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    How Climate Change Is Changing How We Sleep

    This is the first planetary-scale evidence that warmer-than-average temperatures are eroding human sleep

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    Global warming is already reducing sleep time. And the effects are worse in low- and middle-income countries Many studies on the impacts of climate change focus on extreme events such as hurricanes or floods. But global warming is already affecting a daily and vital action for health: sleep.

    A new study published in the journal One Earth by researchers in Denmark and Germany finds that rising temperatures are negatively affecting nighttime sleep globally.

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    “Our study presents the first planetary-scale evidence that warmer-than-average temperatures are eroding human sleep,” said Kelton Minor, a researcher at the University of Copenhagen and lead author of the study. “We show that this erosion occurs mainly when the time people go to sleep is delayed and the time they wake up is advanced during hot weather.”

    How much sleep are you missing?

    The researchers used data from sleep-monitoring wristbands from 47,000 adults between 2015 and 2017 in 68 countries. Researchers say suboptimal temperatures could cause us to lose an average of 50 to 58 hours of sleep a year by the end of the century.

    But Minor emphasizes that the impact of climate change on rest is already a reality. People are already losing an average of 44 hours of sleep each year. The scientists also found that people sleep more when the outside temperature is below 10 °C. Above that threshold, the probability of sleeping less than seven hours increases. And when the outside temperature exceeds 30°C, people lose an average of 15 minutes a night.

    Although it may seem like a minor loss, this decrease could occur in the deep, restorative stage of sleep called slow-wave sleep, the first stage of which lasts about an hour.

    Which groups are most affected?

    The impact of temperature on sleep increases with age. People over 70 lose about 30 minutes instead of 15 at a similar temperature. Women are also more affected. The study notes that “under identical conditions, women’s core body temperature decreases earlier in the evening compared to men, possibly exposing women to higher ambient temperatures around their usual time of sleep onset.” “It has also been shown that women have a greater thickness of subcutaneous fat, which could affect nocturnal heat loss.”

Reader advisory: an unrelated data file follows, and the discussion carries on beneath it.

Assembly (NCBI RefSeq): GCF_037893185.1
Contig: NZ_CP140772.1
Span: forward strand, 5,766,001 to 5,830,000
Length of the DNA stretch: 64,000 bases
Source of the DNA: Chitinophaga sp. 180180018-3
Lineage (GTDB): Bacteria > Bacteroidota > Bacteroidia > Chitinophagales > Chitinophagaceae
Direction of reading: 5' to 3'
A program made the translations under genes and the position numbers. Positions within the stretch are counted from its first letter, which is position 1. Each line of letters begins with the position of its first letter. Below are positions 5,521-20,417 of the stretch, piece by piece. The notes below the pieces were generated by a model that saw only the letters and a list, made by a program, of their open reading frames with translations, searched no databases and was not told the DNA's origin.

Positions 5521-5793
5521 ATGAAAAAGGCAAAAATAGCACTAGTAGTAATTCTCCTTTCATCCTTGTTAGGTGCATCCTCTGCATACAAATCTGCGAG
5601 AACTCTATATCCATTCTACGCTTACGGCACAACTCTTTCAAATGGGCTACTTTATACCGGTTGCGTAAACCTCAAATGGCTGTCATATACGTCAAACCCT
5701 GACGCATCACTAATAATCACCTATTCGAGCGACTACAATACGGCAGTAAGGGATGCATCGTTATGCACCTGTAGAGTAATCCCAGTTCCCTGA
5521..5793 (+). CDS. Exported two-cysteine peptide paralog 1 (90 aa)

On the other hand, people in low- and middle-income countries experience around three times more sleep impact than those in high-income countries. The higher prevalence of air conditioning in developed countries may play a key role, but the researchers said they were unable to quantify its importance because they did not have data on access to air conditioning among study participants.

    Lack of sleep not only affects health but also our cognitive performance, according to previous research. A study by José Guillermo Cedeño Laurent and colleagues at Harvard University measured the impact of a 2016 heat wave on students. Students who slept in newer, air-conditioned dorms performed better on cognitive tests in the following days than those who lived in older, less adapted buildings.

    Body temperature

    Hot days have long been known to increase deaths and hospitalizations, but the biological mechanisms underlying these impacts are still poorly understood. “Our bodies are highly adapted to maintaining a stable core body temperature, something our lives depend on,” says Minor.

    “Yet every night they do something remarkable without most of us consciously knowing it: they release heat from our core out into the environment by dilating our blood vessels and increasing blood flow to our hands and feet.”

    Minor adds that for our bodies to transfer heat, the surrounding environment must be cooler than we are. The researchers found that people have not changed their daily behavior to cope with sleep deprivation, such as taking a nap.

    The scientists found no evidence that it is easier to sleep on a warm night in late summer than on a warm night in early summer. “We found no evidence that people are adapting well,” Minor said.

    “The Full Spectrum of Climate Effects”

    The global temperature at the level of the earth’s surface was on average 1.09 °C higher between 2011 and 2020 than between 1850 and 1900, according to the August 2021 report of the UN Panel on Climate Change, IPCC.

    A report by the Climate Action Tracker analysis center indicates that, without drastic cuts and taking into account current policies, the world is on track for a temperature increase by the end of the century of 2.7 ° C compared to pre-industrial levels.

    The authors of the new study believe that due to the uneven impact on sleep in different populations, future research should especially consider the most vulnerable populations, particularly those residing in the hottest and poorest regions of the world.

    Minor points out that the impact of temperature on sleep should be included in more studies on the possible consequences of global warming. “To make informed future climate policy decisions, we need to take more into account the full spectrum of plausible future climate impacts,” the researcher said.

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